Volkswagen Type 4

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Volkswagen 411 / Volkswagen 412
Vw 411 v sst.jpg
Manufacturer Volkswagen AG
Production 1968-1972 (411)
1972–July 1974 (412)
Body and chassis
Class Large Family car
Body style 2-door saloon
4-door saloon
3-door estate
Layout RR layout
Related Volkswagen Type 3
Engine 1679 cc Flat-4 (411)
1795 cc Flat-4 (412)
Transmission 4-speed manual
3-speed automatic optional
Wheelbase 2,500 mm (98 in)[1]
Length 4,553 mm (179.3 in) (411)
4,583 mm (180.4 in)[1] (412)
Width 1,675 mm (65.9 in)[1]
Height 1,475 mm (58.1 in)[1]
Curb weight 1,020 kg (2,250 lb)
2-door 411
1,120 kg (2,470 lb)
Successor Volkswagen Passat

The Volkswagen Type 4 is a mid-sized car manufactured and marketed by Volkswagen of Germany from 1968 to 1974 in two-door and four-door sedan as well as two-door station wagon body styles. The Type 4 evolved through two generations, the 411 (1968–72) and 412 series (1972–74).

Designed under the direction of Heinrich Nordhoff and introduced at the Paris Motor Show in October 1968,[2] the 411 was Volkswagen's largest passenger vehicle with the company's largest engine – with styling credited to Carozzeria Pininfarina, who at the time had an advisory contract with Volkswagen.[3] The cars retained VW's trademark air-cooled, rear placement, rear-wheel drive, boxer engine with a front/rear weight distribution of 45/55%[3] and a forward cargo storage (14.1 cf)[4] — while also introducing design and engineering departures for the company – including a completely flat passenger area floor and suspension using control arms and MacPherson struts. Volkswagen had prototyped a notchback sedan version of the 411, without introducing it to production.

Over its six year production run, Volkswagen manufactured 367,728 Type 4 models, compared with 210,082 of the subsequent Volkswagen K70 with its four year model life. In the United States, VW sold 117,110 Type 4s from 1971 to July 1974. As Volkswagen's last air-cooled sedans and wagons, the Type 4 models were succeeded by the first generation Passat, marketed as the Dasher in the USA.


1971 Volkswagen 411LE.

As Volkswagen's first 4-door saloon, the Type 4 also introduced unibody construction, coil springs, trailing wishbone rear suspension, hydraulic clutch manual transmission – as well as MacPherson strut front suspension, subsequently adapted to the VW Type 1 1302/1303 ("Super Beetle").

The Type 4's battery was located under the driver's seat (passenger seat on RHD models). All models featured ventless driver and front passenger windows, notched on their leading edge to provide draught-free ventilation,[5] no cost metallic paint, radial ply tires, full carpeting, clock, electric rear window demister, flow-through ventilation, undercoating, and a thermostatically controlled auxiliary heating system,[4] specifically, a gasoline-operated heater model BA4 by Eberspächer, fired by a glow plug accessible from a hidden rear window deck plate.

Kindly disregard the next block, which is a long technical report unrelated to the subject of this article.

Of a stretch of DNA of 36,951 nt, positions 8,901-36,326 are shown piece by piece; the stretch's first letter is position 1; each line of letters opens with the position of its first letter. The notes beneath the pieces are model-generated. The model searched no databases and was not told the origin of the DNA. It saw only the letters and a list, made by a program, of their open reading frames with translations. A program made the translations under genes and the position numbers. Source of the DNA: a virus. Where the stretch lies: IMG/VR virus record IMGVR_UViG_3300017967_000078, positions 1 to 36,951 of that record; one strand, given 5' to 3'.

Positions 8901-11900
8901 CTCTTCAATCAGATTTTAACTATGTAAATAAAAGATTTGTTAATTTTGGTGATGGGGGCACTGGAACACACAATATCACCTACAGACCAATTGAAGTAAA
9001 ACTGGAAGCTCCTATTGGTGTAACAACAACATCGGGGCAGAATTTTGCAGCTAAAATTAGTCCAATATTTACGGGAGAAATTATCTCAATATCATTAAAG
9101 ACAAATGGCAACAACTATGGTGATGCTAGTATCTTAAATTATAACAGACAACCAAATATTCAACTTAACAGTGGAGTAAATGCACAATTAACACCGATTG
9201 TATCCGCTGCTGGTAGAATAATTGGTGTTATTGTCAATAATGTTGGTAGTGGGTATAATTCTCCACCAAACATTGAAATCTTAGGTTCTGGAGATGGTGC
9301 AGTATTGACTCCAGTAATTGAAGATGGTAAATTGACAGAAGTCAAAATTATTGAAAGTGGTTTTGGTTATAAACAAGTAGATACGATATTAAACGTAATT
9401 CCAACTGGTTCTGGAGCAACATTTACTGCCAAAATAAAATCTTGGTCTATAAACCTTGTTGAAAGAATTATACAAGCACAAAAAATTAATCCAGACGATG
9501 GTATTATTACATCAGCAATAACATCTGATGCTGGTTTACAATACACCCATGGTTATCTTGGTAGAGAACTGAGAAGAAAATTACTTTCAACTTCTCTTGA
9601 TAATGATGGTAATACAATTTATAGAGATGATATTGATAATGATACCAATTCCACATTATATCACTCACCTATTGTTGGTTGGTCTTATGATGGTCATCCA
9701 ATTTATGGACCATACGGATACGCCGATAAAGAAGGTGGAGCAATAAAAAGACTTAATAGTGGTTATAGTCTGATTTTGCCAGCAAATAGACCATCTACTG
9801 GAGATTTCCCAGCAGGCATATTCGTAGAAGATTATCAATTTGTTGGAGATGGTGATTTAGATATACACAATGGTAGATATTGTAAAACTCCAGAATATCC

When the Type 4 was discontinued in 1974, its engine carried on as the power plant for the larger-engined Volkswagen Type 2s, produced from 1972 to 1979, and for the later VW T25 1980–1983.


1968 Volkswagen 411L 4-door saloon. 1968 models are distinguished by their single rectangular covered headlamps.

At launch, the 411 featured a 1679 cc engine with twin carburetors, subsequently modified in 1969 with Bosch D-Jetronic electronic fuel injection and claimed power output increased from 68 to 80 bhp (60 kW) — this fuel-injected engine shared with the mid-engined Porsche 914 also launched in 1969. European 411 nomenclature highlighted the fuel injection with the suffix 'E' (for Einspritzung). Revisions in 1969 also included replacement of the single oval headlights with twin round headlights.


1974 Volkswagen 412 Variant.

The 412 replaced the 411 in August 1972[6] in Germany, having been restyled by designer Brooks Stevens.[1] Halogen lights were fitted,[6] the headlight surround was reshaped and the nose panels were redesigned. In 1974 the engine capacity was raised to 1795cc and fuel management reverted to a twin carburettor system, the 412LE now being renamed 412LS.

The visual design of the Volkswagen 412 Variant was followed when the Type 1 based Volkswagen Brasilia was produced in Brazil, primarily for the Latin American markets, and the Brazilian Type 3 models TL, Variant and Variant II.

In February 1974 on the German market the 4-door 412L was priced at DM 10,995 (DM 11,145 for the 412 LS).[1]


Sources and further reading[edit]

  1. ^ a b c d e f "Test VW 412 LS". Auto Motor u. Sport. Vol. Heft 3 1974. 2 February 1974. pp. Seite 40–48. 
  2. ^ "News and Views: What's new at Paris". Autocar. Vol. 129 no. 3790. 3 October 1968. p. 59. 
  3. ^ a b The Air-Cooled Era in Colour, Richard Copping, p. 168. Veloce Publishing, October 2005 (UK). Long the subject of sneak preview photos, the VW 411 bore a passing resemblance to the VW 1600TL, while Pininfarina who had an advisory contract with Volkswagen, is credited with the car's styling. 
  4. ^ a b "1971 Volkswagen 411, USA Brochure". Volkswagen. 
  5. ^ Dept of Transportation NHTSA Federal Motor Vehicle Safety Standards. Popular Mechanics, Bill Hartford, March 1971, p. 92. 
  6. ^ a b "Neues vom Markt: Neuer 412: Sicherer, schoener und komfortabler". Auto Zeitung. Nbr 17 1972: Seite 4. 12 August 1972. 
  7. ^ Oswald, Werner (2003). Deutsche Autos 1945–1975, Band 4. Stuttgart: Motorbuch Verlag. pp. 62–65. ISBN 3-613-02116-1.